Covid 5/20: The Great Unmasking

The CDC has lifted its mask mandate for vaccinated people. In one fell swoop, it is suddenly fine for anyone fully vaccinated to go maskless anywhere, without social distancing, at any time, so long as regulations and rules permit it. This retains the madness of ignoring partial vaccination entirely, and the madness of making children as young as two (!) wear masks around groups of fully vaccinated adults, but it is certainly a huge step towards sanity. It also implies that the rules and regulations that remain need to be changed, and many of them are indeed being changed.

Reactions were mixed.

There was much rejoicing. Many cried tiers of joy. Others pointed out that this was a damn good reason to get vaccinated. 

There was also much confusion and opposition. Very Serious People expressed panic and horror. Others expressed reasonable concern that this was premature. This would destroy mask mandates, causing maskless people to go around maskless. People would go around acting like the pandemic was over before there was full ‘herd immunity.’

The opposition has some legitimate points. The control system could still have some fight in it. We have no way to verify verification status that anyone is willing to use. Vaccination checks are mostly going to be either non-existent or on the honor system, and America does not highly value honor. Norms that are ignored by half the people are easy for the other half to choose to ignore as well. At a minimum, this will change norms in ways that slow down the decline in cases. If everyone were to use this as a reason to go fully ‘back to normal’ at current vaccination rates cases would presumably start rising again at least for a while, and it’s not clear we could do much of anything to reverse course if that happened beyond pushing harder to get more vaccinations.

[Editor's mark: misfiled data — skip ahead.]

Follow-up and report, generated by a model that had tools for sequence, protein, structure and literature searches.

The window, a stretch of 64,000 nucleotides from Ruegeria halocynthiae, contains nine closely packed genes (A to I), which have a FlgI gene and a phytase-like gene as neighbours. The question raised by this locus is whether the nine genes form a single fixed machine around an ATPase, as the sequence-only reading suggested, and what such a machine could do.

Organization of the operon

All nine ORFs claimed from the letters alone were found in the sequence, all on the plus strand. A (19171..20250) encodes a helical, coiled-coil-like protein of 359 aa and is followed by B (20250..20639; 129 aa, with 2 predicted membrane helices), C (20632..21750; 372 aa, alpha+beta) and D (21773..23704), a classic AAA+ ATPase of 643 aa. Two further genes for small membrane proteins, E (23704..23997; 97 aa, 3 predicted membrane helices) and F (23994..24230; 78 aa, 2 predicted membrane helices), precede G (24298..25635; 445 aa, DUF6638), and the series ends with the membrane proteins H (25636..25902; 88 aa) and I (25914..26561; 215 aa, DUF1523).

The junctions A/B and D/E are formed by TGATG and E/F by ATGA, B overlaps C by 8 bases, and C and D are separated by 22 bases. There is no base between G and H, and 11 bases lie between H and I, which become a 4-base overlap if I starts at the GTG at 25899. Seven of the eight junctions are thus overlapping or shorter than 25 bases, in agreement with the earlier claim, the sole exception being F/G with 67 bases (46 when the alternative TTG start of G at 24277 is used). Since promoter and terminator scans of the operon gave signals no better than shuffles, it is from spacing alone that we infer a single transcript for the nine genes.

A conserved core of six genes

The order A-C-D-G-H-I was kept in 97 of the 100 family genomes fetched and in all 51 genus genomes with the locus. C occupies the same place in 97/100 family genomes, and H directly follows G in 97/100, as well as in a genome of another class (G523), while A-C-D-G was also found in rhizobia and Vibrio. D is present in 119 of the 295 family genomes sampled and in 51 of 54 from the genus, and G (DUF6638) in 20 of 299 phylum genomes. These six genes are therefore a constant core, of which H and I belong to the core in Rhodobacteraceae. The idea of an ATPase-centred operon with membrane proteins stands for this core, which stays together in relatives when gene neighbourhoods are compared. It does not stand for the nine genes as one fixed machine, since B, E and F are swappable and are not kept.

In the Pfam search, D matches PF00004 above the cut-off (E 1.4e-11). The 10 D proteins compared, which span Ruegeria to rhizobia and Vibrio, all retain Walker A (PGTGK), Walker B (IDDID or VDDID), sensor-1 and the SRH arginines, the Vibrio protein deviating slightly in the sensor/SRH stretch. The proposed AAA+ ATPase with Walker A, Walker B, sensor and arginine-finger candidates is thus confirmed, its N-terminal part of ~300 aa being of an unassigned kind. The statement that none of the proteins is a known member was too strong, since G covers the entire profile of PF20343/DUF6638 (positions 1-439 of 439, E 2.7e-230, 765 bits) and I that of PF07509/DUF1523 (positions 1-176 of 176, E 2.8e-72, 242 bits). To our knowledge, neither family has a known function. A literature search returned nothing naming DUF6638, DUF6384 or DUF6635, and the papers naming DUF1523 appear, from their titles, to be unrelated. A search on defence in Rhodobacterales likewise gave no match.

A lot of people also pointed out the contradictions between this new policy and the old one, with the change from ‘take precautions that wouldn’t even make sense if you were unvaccinated’ to ‘once vaccinated take no precautions whatsoever’ coming overnight with zero warning, with little or no change in the underlying physical conditions. I think it’s important not to make a big deal about that. Yes, the contradictions are huge and blatant, but the time to point out how crazy the old guidance was was when they were still in place. As many people did, frequently. Admitting one is wrong and correcting errors needs to be rewarded and encouraged rather than punished and piled onto. 

Despite the risks, and it plausibly being slightly too soon (on the order of a few weeks) to do this full blast, I think this was absolutely the right move to make. I congratulate the CDC on its newfound wisdom. Now let’s work on the insane mask and distancing mandates that still apply to children, and on updating rules and regulations to reflect the newly acknowledged realities of the physical world. I’m happy to have gone from ‘worried about Covid when going outside’ to ‘worrying about insect bites eating me alive when going outside’ to this week’s ‘worrying about seasonal allergies when going outside.’

Also, let’s run the numbers.

Author’s note: It’s been a hectic week, which is why this is going out in the late hours. Some stuff likely got left out due to that, other stuff got only a link without a discussion. 

The Numbers

Predictions

Prediction from last week: Positivity rate of 3.0% (down 0.4%) and deaths decline by 10%.

Result according to Washington Post:

So they’re saying that cases fell 17%, tests fell 16% and the positivity rate is up from 3.4% to 4.7%. Yeah, no. Sorry Washington Post, this is even more obviously nonsense than before. Let’s see Johns Hopkins.

That seems more like a thing that could possibly have happened. They have 3.0% positivity rate, down from 3.2% (a 0.2% drop). That’s still an overshoot, and somewhat disappointing, but test counts are also dropping rapidly.